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Outsider artist Al Carbee took thousands of photographs of Barbie and created countless collages and dioramas featuring Barbie in various settings.

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From her early days as a teenage fashion model, Barbie has appeared as an astronaut, surgeon, Olympic athlete, downhill skier, aerobics instructor, TV news reporter, vet, rock star, doctor, army officer, air force pilot, summit diplomat, rap musician, presidential candidate, baseball player, scuba diver, lifeguard, fire-fighter, engineer, dentist, and many more.

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Criticisms of Barbie are often centered around concerns that children consider Barbie a role model and will attempt to emulate her.

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One of the most common criticisms of Barbie is that she promotes an unrealistic idea of body image for a young woman, leading to a risk that girls who attempt to emulate her will become anorexic.

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Unrealistic body proportions in Barbie dolls have been connected to some eating disorders in children.

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Mattel said that the waist of the Barbie doll was made small because the waistbands of her clothes, along with their seams, snaps, and zippers, added bulk to her figure.

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The first African-American doll in the Barbie range is usually regarded as Christie, who made her debut in 1968.

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Black Barbie was launched in 1980 but still had Caucasian features.

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Oreo Fun Barbie was marketed as someone with whom young girls could play after class and share "America's favorite cookie".

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In Muslim-majority nations, there is an alternative doll called Fulla, which was introduced in November 2003 and is equivalent to Barbie, but is designed specifically to represent traditional Islamic values.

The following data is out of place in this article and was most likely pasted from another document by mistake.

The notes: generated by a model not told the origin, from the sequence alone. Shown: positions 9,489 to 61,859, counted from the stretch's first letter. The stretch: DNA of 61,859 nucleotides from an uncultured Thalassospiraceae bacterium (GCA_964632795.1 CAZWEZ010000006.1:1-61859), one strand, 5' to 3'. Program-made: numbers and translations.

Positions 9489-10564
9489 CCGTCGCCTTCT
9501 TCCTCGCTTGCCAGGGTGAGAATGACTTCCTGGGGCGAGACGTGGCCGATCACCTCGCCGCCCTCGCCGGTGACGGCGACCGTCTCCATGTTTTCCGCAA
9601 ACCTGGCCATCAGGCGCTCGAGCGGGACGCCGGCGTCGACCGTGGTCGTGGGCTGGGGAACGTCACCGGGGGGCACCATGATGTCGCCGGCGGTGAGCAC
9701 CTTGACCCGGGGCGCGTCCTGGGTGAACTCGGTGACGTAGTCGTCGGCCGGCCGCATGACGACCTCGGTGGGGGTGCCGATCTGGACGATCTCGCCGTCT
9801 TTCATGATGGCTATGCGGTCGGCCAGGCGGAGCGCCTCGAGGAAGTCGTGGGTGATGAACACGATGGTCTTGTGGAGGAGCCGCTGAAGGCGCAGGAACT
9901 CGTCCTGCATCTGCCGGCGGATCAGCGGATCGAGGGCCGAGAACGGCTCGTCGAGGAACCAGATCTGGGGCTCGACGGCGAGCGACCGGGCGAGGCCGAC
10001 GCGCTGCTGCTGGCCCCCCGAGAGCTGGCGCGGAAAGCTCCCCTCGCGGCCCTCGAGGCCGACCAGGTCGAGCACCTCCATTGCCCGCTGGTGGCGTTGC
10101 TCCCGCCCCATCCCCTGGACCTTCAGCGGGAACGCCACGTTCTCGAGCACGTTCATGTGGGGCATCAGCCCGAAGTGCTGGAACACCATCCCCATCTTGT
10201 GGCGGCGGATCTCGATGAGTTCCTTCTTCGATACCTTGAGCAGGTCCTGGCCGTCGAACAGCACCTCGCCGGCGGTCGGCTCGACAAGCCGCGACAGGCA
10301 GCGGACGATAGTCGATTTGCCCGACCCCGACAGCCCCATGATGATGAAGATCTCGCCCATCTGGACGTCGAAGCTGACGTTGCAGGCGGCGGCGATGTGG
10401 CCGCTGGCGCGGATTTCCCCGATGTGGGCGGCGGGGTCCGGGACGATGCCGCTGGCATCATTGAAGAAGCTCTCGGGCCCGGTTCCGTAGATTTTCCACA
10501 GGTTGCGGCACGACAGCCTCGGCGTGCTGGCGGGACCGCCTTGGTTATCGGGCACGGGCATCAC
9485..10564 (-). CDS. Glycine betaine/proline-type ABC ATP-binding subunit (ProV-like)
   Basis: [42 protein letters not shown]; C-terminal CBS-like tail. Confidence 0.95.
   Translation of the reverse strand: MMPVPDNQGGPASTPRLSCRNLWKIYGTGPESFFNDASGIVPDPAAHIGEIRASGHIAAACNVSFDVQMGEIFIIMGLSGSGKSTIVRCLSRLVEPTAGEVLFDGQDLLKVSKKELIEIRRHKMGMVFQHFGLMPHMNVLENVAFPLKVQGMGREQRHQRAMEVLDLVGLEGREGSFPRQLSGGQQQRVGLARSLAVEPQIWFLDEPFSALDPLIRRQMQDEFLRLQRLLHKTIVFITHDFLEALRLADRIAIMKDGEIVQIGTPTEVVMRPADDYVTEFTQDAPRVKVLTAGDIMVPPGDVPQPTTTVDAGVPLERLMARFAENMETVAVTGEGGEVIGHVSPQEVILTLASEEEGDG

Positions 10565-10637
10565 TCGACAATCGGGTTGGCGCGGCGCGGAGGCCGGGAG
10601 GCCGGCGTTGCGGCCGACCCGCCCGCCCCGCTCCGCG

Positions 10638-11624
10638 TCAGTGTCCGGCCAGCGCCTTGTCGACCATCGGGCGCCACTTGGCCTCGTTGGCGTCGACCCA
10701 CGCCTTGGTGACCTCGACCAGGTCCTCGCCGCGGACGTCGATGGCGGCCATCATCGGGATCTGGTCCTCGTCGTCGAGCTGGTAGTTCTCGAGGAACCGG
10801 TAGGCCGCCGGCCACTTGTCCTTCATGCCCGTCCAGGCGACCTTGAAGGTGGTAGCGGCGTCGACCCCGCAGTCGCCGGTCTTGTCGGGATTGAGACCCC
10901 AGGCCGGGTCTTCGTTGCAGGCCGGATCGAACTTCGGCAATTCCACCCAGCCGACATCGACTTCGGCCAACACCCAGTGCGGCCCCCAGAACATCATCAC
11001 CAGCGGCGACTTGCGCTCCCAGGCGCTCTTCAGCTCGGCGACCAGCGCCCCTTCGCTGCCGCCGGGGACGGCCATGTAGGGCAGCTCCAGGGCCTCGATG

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Fulla is not manufactured by Mattel, and (as of January 2021) the "Jewish" Barbie brand is still available in other Muslim-majority countries including Egypt and Indonesia.

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In November 2014, Mattel received criticism over the book I Can Be a Computer Engineer, which depicted Barbie as being inept at computers and requiring that her two male friends complete all of the necessary tasks to restore two laptops after she accidentally infects her and her sister's laptop with a malware-laced USB flash drive.

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Mattel later removed the book from sale on Amazon in response to the criticism, and the company released a "Computer Engineer Barbie" doll who was a game programmer rather than designer.

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In March 2018, in time for International Women's Day, Mattel unveiled the "Barbie Celebrates Role Models" campaign with a line of 17 dolls, informally known as "sheroes", from diverse backgrounds "to showcase examples of extraordinary women".

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On September 26, 2006, a Barbie doll set a world record at auction of £9, 000 sterling at Christie's in London.

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In recent years, Mattel has sold a wide range of Barbie dolls aimed specifically at collectors, including porcelain versions, vintage reproductions, and depictions of Barbie as a range of characters from film and television series such as The Munsters and Star Trek.

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In 2004, Mattel introduced the Color Tier system for its collector's edition Barbie dolls including pink, silver, gold, and platinum, depending on how many of the dolls are produced.

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Barbie allowed the company to continue selling the dolls until the winter holiday season ended.

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Barbie's stated that she has only had breast implants and relies heavily on make up and contacts to alter her appearance.

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Similarly, Lacey Wildd, an American reality television personality frequently referred to as "Million Dollar Barbie" has undergone 12 breast augmentation surgeries to become "the extreme Barbie".